Hello writers! As we begin the sweet and fresh year, it’s a great time to think about and plan our book promotions. Before we get to planning, let’s think about the point of our book promotions. Ideally it’s to sell books, even though we can’t control the final step of our readers or potential readers buying our books. What we can more easily control is adding people to our mailing lists or inviting them to join us on the social media channels. Even if you don’t have a book out yet, you can invite people to join your mailing list. In fact, I highly recommend it. That way, when it comes time, you can announce your book to your list.
I just got back from a writer’s conference. I love going to them. I love speaking there and helping other authors. But I’m tired. I’m an introvert. As I wade through all the post-conference activities of following up with all the cool folks I met and getting back to the business of running my business, I also want to get back to my writing. But I feel depleted. What’s a girl to do?
I have a theory about creating a successful career as a novelist: we all need community; we succeed because of our community. Community is a three-legged stool. I have one of these stools at home, painted black and white, with pink udders under the seat. My creative grandfather gave it to me, and I smile every time I look at it because it’s fun, playful, and reminds me of him, and of my three-legged theory of success for authors.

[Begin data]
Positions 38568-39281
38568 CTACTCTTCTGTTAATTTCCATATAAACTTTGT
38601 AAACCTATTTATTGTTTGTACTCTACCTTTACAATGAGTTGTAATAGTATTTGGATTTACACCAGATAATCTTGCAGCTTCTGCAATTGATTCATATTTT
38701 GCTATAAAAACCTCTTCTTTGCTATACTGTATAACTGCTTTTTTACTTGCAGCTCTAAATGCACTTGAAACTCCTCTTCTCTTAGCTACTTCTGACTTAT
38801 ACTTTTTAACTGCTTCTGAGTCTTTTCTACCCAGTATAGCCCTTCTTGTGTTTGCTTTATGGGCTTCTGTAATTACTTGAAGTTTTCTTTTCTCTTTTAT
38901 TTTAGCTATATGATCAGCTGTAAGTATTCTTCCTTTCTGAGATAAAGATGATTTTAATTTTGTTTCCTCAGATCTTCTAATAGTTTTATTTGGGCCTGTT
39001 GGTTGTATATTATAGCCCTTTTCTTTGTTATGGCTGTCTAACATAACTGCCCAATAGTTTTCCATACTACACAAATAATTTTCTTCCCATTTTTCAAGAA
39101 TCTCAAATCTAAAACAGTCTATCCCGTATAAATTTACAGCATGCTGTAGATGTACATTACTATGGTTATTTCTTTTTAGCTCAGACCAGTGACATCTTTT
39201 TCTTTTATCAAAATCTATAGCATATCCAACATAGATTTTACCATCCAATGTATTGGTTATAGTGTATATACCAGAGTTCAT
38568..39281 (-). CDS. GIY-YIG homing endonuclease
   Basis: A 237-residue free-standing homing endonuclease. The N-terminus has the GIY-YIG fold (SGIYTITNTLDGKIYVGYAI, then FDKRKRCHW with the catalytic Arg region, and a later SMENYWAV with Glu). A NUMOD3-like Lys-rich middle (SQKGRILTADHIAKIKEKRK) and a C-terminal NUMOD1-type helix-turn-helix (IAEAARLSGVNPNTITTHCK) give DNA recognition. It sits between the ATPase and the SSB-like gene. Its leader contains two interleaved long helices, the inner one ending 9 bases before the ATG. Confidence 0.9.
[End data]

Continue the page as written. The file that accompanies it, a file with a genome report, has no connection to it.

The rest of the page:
We all want to get our writing done. A writer writes, after all. But what to do when you have a busy life, a full-time job, family, and necessary obligations like health, and oh, sleep? One way to handle getting your writing done is to set up your very own Stay-at-Home Writing Retreat. In fact, because I’m publishing my second novel soon, I go on a writing retreat just about every Friday and Saturday. You can do something similar. Create your own stay-at-home writing retreat.
[This post was written by guest contributor Beth Barany, author of Twitter for Authors: Social Media Book Marketing Strategies for Shy Writers.] I know Twitter can be a confusing medium for many authors -- what can you say in 140 characters or less to promote your book? In my opinion, Twitter is actually a writer's dream for those who like to write short, like the absence of a lot of images, and are willing to experiment. A news service that the users create, Twitter is a great resource to meet other writers, agents, editors, and book bloggers, people who love to read and review books.
10 Tips on Promoting Your Book on Twitter1. Open an account on Twitter. Choose a name that is easily recognizable, ideally your author name. In the long run, as an author, you are your brand. If you choose a name like “jamie123” this won’t help you build name recognition. 2. Bring in your email contacts. Twitter makes this easy...
Your first novel isn’t necessarily going to be your first published novel. In fact, it probably shouldn’t. You’re still learning how to write fiction; there’s a lot to learn! Here's a checklist of 4 questions to ask yourself before publishing your first novel.